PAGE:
12 Outcomes Young people do not demonstrate an interest in giving feedback to the NHS via online methods such as patient opinion The project did not result in a significant increase in the number of posts left by young people in Knowlsey on the patient opinion website Workshops conducted with young people who regularly give up their time to participate in giving feedback on the NHS indicated that they did not value or support the idea of online feedback via Patient Opinion.

13 Outcomes Implications for Public Health In terms of online health promotion a distinction needs to be drawn between Using online tools to provide information to young people who are already seeking health information, about information based on their own needs And, Using online tools as a method for informing or promoting awareness of key issues to young people who are NOT already seeking health information.

14 Outcomes Implications for Public Health For the second group the range of tools tested in this project needs significant and substantial improvement to be of any use, poor and un-engaging web design (for instance lack of graphical content) is a such substantial barrier to young people accessing health existing tools that it prevent young people from accessing any content. Web design needs to be so engaging that it provides the motivation for accessing the site in and of itself. For the both groups text Information needs to be provided in small sized chunks no longer than a paragraph, and information needs to be grouped in a person or more accurately symptom centred categories rather than a diagnosis centred categories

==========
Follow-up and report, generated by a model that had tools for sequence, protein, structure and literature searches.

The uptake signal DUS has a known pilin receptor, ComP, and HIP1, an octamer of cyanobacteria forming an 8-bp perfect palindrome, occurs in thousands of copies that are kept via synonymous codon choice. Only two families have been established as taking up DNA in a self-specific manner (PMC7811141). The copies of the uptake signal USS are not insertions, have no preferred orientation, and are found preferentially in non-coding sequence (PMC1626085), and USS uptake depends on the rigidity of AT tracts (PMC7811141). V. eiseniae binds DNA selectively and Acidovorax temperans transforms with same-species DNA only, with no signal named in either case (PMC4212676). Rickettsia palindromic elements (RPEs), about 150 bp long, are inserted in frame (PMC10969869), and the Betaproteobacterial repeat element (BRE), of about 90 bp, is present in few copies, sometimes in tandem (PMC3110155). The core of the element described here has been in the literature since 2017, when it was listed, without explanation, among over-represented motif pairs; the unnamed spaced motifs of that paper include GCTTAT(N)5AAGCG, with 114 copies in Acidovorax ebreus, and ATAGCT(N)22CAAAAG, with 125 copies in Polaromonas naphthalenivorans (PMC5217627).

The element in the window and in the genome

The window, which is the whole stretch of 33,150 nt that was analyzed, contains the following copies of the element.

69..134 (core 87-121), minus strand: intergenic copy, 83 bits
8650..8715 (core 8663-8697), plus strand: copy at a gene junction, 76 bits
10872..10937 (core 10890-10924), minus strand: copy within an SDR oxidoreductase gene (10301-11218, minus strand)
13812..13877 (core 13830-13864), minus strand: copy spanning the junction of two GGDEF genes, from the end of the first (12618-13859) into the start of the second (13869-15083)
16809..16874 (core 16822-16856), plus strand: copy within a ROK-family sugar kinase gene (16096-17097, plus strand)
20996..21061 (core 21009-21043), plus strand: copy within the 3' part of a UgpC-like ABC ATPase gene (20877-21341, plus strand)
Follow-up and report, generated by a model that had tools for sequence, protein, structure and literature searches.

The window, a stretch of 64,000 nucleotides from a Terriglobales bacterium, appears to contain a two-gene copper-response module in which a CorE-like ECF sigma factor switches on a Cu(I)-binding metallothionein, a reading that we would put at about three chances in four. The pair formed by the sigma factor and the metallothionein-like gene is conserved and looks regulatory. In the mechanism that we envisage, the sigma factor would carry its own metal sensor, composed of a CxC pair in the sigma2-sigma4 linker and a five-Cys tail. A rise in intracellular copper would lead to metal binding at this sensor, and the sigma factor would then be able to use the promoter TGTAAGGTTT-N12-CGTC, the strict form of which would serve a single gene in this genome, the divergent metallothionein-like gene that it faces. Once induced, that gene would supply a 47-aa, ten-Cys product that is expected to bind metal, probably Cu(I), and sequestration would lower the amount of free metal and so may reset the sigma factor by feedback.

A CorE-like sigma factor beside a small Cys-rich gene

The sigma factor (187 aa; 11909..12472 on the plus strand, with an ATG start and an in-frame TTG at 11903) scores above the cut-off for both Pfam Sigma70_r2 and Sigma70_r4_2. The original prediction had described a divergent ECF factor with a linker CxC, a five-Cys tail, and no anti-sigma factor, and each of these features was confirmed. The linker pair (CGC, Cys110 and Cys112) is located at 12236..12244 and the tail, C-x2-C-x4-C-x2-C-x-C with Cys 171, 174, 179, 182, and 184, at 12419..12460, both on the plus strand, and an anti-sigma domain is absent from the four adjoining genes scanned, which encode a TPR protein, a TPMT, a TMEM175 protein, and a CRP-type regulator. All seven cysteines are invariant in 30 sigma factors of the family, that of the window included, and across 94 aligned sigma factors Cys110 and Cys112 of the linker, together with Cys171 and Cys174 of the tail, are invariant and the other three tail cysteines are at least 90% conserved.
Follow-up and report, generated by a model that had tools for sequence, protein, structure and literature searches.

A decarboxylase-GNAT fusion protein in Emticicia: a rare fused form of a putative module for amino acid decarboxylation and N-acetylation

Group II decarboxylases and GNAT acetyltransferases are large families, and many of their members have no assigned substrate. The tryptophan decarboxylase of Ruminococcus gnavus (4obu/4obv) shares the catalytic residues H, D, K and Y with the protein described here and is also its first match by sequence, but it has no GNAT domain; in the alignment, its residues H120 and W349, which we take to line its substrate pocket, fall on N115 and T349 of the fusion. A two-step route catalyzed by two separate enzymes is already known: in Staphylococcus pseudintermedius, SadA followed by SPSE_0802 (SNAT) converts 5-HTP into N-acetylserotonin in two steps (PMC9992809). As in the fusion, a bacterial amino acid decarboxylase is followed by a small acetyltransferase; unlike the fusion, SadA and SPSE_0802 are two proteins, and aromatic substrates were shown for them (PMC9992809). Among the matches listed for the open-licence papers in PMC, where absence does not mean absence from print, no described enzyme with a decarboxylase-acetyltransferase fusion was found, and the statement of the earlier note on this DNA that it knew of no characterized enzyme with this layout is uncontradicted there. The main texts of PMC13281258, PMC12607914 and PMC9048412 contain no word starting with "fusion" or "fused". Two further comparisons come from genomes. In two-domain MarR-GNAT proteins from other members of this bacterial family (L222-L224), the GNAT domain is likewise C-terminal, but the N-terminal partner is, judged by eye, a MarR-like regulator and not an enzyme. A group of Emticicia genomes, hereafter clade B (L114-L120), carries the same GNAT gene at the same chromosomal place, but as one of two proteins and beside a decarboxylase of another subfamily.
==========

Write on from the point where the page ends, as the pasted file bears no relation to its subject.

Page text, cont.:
15 Outcomes Implications for Patient and Public Involvement The approaches to engage young people via the Patient Opinion website were not effective within this project. Workshop participants, including those who were most actively engaged in health services indicated they were not likely to use Patient Opinion to leave feedback. During the entire duration of the project, despite the levels of awareness created there were no additional posts made on the Patient Opinion site that could be directly attributed to the marketing. This would seem to suggest that the site itself is not a suitable vehicle for engaging young people.